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Before using this information, please read:
To read the specific laws in the WA State Residential Landlord-Tenant Act, click on the RCW (Revised Code of Washington) links throughout the Tenant Services website.
Tenants Union Tenant Counselors are not attorneys, and this information should not be considered legal advice. Please read our full Tenant Union Disclaimer.
Legal Assistance for Tenants
Legal assistance is extraordinarily valuable for tenants but must be utilized in specific ways. There are five primary ways to make legal assistance work for you in resolving landlord-tenant matters. Many of these resources are free or low cost to renters seeking assistance. Contact each program individually to find out about their eligibility requirements.
1) Get assistance to understand and interpret Landlord-Tenant Laws.
Washington LawHelp provides detailed information on laws governing tenancy in Washington State. You can also call CLEAR, Northwest Justice Project’s free legal help and assistance for low-income Washington State residents. CLEAR is open Mon–Fri, 9:15 am–12:15 pm. at Tues 3:30-6:15 pm at 888-201-1014.
2) Use it to strengthen your negotiations with your landlord.
Though tenants can do all their negotiations with their landlords themselves, some landlords may be responsive to the authority of an attorney. You may also be able to get assistance writing letters and citing the laws in communications with your landlord. Lawyers at the King County Bar Association’s Neighborhood Legal Clinics may be able to help you write a letter asserting your rights.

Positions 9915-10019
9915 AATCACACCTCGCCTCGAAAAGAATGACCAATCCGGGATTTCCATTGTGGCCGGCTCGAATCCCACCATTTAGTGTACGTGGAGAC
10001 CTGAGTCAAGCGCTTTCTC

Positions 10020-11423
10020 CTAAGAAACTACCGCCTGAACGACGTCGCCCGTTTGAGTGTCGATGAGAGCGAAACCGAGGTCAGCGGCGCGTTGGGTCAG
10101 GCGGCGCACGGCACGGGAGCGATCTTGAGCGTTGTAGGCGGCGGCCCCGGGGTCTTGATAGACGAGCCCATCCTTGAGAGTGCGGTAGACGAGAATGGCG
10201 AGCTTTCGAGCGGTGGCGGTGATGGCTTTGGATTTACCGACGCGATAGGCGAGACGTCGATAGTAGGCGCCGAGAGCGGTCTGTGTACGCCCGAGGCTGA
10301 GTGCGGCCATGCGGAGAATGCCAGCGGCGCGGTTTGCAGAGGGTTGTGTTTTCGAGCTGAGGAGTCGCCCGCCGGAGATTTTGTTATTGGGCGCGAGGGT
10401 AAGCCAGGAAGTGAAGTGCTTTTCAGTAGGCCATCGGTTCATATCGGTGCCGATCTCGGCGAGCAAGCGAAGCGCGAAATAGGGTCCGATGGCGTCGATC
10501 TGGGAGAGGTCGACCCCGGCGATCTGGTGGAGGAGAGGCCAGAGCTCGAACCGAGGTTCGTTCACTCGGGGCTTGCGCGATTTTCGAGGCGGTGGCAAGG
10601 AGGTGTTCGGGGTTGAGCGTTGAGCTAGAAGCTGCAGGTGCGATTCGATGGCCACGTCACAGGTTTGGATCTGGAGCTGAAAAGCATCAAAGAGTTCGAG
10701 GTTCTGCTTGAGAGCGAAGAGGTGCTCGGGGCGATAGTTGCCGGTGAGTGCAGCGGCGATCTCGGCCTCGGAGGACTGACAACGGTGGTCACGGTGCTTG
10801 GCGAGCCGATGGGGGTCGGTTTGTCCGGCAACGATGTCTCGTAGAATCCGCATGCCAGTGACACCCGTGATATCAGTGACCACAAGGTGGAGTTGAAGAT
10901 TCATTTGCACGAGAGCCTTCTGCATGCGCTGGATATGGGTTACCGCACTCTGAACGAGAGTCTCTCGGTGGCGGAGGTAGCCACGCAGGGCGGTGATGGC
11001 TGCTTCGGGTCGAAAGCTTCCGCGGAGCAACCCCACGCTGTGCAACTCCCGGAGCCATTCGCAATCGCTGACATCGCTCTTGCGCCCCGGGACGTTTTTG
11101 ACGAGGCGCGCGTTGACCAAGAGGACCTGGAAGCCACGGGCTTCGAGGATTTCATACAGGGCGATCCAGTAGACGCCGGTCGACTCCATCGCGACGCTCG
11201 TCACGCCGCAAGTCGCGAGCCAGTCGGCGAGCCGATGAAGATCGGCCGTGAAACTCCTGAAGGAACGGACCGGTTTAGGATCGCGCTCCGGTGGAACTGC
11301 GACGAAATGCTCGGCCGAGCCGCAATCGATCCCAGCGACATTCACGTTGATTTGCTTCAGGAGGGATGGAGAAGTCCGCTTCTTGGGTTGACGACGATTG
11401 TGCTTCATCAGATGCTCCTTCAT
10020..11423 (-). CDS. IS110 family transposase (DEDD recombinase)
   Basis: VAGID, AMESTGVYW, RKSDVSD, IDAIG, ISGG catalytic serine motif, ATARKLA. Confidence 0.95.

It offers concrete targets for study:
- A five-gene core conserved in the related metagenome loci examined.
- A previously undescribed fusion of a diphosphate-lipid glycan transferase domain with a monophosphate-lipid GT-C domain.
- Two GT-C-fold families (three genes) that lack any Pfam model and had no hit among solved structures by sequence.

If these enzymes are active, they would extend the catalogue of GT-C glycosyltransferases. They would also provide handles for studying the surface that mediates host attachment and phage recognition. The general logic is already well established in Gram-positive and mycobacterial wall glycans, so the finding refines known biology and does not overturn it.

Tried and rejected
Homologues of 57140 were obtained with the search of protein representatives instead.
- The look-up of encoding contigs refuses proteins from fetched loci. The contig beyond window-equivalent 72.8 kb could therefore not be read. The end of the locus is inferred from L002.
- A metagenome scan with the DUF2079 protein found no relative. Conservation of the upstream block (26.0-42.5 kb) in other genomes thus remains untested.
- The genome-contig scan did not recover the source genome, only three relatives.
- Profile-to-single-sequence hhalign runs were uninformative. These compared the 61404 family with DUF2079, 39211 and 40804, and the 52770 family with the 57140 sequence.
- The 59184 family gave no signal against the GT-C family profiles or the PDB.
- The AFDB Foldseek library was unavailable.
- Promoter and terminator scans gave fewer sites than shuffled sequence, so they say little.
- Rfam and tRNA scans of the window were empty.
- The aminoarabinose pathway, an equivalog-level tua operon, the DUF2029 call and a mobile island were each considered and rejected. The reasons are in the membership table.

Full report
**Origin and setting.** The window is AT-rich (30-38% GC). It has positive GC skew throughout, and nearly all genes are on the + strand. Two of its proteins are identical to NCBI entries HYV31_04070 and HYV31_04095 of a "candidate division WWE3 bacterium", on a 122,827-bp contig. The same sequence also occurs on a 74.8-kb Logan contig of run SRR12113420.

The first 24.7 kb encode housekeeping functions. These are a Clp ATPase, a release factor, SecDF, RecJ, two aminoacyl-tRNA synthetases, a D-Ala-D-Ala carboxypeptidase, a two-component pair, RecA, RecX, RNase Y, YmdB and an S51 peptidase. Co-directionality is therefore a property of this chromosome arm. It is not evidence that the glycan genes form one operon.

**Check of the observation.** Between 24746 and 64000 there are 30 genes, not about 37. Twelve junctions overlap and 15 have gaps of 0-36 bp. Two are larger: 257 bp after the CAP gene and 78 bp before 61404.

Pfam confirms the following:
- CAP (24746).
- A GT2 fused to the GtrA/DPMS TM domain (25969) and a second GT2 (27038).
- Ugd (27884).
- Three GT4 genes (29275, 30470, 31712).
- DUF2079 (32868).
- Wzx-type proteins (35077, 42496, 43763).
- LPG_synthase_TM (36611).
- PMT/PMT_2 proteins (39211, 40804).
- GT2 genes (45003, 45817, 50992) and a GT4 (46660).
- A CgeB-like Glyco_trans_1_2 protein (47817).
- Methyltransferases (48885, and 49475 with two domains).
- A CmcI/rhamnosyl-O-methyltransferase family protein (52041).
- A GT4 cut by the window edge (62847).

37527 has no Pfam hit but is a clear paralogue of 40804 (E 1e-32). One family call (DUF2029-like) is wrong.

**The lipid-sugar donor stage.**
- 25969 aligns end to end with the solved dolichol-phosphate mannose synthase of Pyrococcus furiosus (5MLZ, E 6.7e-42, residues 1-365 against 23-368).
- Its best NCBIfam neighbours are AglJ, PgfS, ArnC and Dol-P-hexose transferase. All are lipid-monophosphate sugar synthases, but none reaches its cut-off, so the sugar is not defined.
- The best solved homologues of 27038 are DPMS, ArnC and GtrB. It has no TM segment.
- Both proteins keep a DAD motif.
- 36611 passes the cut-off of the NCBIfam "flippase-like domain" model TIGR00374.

3) Obtain assistance or representation in eviction court or a subsidy termination grievance hearing.
You may be able to talk to an attorney to help you understand or respond to an eviction notice or subsidy termination. If you have defenses in an eviction lawsuit, you may be able to secure an attorney to represent you in court. You can call CLEAR Line Legal Help at 888.201.1014 from anywhere in the state. CLEAR is the Northwest Justice Project’s free legal help and assistance for low-income Washington State residents, and they are open Mon–Fri, 9:15 am–12:15 pm and Tues 3:30-6:15 pm. The King County Bar Association’s Housing Justice Project is tenants’ primary resource for King County residents who live outside of the city of Seattle who need legal assistance with an eviction notice or an eviction lawsuit. Catholic Community Services’ Legal Action Center also may be able to assist tenants facing eviction. Tenants in subsidized housing or with Section 8 vouchers may be able to get representation in a Grievance Hearing through Northwest Justice Project or Legal Action Center.
4) Use it to help you prepare for a Small Claims suit against your landlord.
Small Claims Court is the primary way that tenants can recover money owed to them by their landlord. There are no attorneys allowed in small claims court, but an attorney through Neighborhood Legal Clinics can help you prepare for your case.
5) File a civil lawsuit against your landlord.
In rare cases, tenants may be able to obtain legal representation to sue their landlords. You will have to hire a private attorney to pursue this option, which may not be affordable to many renters. You may be able to find an attorney for hire through King County Bar Association’s Lawyer Referral Service.